NASA successfully collected a sample from asteroid Bennu, but some of it is leaking into space
The historic collection of a sample from the near-Earth asteroid Bennu by NASA's OSIRIS-REx spacecraft on Tuesday was almost too successful.
Some of the sample is leaking into space, according to Dante Lauretta, OSIRIS-REx principal investigator at the University of Arizona in Tucson during a NASA press conference Friday.
"The big concern now is that particles are escaping because we're almost a victim of our own success," he said. "Large particles left the flap open. Particles are diffusing out into space. They aren't moving fast, but nonetheless, it's valuable scientific material."
The mission team analyzed images Thursday taken of the collector head of the spacecraft that showed that a substantial sample was collected -- but there is so much material in the head that the flap designed to keep the sample inside is jammed.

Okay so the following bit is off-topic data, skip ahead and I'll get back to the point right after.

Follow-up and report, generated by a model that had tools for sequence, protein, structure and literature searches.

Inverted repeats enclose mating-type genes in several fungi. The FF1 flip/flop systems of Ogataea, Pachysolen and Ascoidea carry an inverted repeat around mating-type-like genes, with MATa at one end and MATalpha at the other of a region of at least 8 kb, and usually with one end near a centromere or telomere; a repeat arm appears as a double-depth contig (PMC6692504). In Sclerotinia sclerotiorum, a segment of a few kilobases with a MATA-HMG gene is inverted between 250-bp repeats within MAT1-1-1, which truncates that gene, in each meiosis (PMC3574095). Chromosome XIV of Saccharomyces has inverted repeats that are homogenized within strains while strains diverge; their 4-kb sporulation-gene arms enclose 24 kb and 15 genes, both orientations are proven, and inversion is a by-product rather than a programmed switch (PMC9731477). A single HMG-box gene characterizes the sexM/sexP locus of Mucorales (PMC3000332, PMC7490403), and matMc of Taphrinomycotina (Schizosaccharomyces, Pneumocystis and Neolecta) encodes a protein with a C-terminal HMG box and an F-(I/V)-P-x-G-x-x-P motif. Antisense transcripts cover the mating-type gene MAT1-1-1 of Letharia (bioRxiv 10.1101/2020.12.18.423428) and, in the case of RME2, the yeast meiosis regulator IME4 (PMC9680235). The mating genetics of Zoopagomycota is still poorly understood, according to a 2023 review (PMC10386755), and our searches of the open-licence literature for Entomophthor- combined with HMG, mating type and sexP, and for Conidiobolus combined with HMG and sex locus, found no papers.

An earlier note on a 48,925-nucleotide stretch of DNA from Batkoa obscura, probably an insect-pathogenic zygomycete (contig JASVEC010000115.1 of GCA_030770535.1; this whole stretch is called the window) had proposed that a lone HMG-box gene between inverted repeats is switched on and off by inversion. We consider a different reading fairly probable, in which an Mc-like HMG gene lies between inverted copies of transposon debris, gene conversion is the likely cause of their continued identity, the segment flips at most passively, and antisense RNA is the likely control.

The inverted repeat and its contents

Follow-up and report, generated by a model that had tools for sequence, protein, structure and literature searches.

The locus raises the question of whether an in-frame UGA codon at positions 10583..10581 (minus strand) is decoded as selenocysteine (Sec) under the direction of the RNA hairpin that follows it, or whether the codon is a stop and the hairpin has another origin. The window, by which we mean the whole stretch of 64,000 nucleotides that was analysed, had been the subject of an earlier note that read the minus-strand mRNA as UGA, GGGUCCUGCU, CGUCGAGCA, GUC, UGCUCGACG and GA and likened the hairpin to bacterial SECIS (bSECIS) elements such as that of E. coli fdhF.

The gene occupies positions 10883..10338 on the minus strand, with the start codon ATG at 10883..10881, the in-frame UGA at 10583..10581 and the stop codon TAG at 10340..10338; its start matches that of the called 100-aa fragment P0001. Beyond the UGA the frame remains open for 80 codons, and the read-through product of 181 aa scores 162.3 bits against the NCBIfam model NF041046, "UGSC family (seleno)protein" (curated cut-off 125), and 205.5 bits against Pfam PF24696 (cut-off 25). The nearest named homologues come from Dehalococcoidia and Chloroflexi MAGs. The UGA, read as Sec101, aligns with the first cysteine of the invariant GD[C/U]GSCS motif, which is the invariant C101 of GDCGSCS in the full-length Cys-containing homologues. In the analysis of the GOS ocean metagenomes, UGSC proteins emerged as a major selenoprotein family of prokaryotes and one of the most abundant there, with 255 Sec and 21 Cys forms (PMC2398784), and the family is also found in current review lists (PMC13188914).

This is allowing particles to escape into space. The mission team is changing the course of the events planned for the spacecraft this weekend and planning to stow the sample as quickly as possible so little material is lost. The researchers estimated that it's continually losing between 5 to 10 grams of material. This flaky material floats in what resembles a cloud of particles around the head.
But the team isn't sure of the exact loss rate because it's not steady.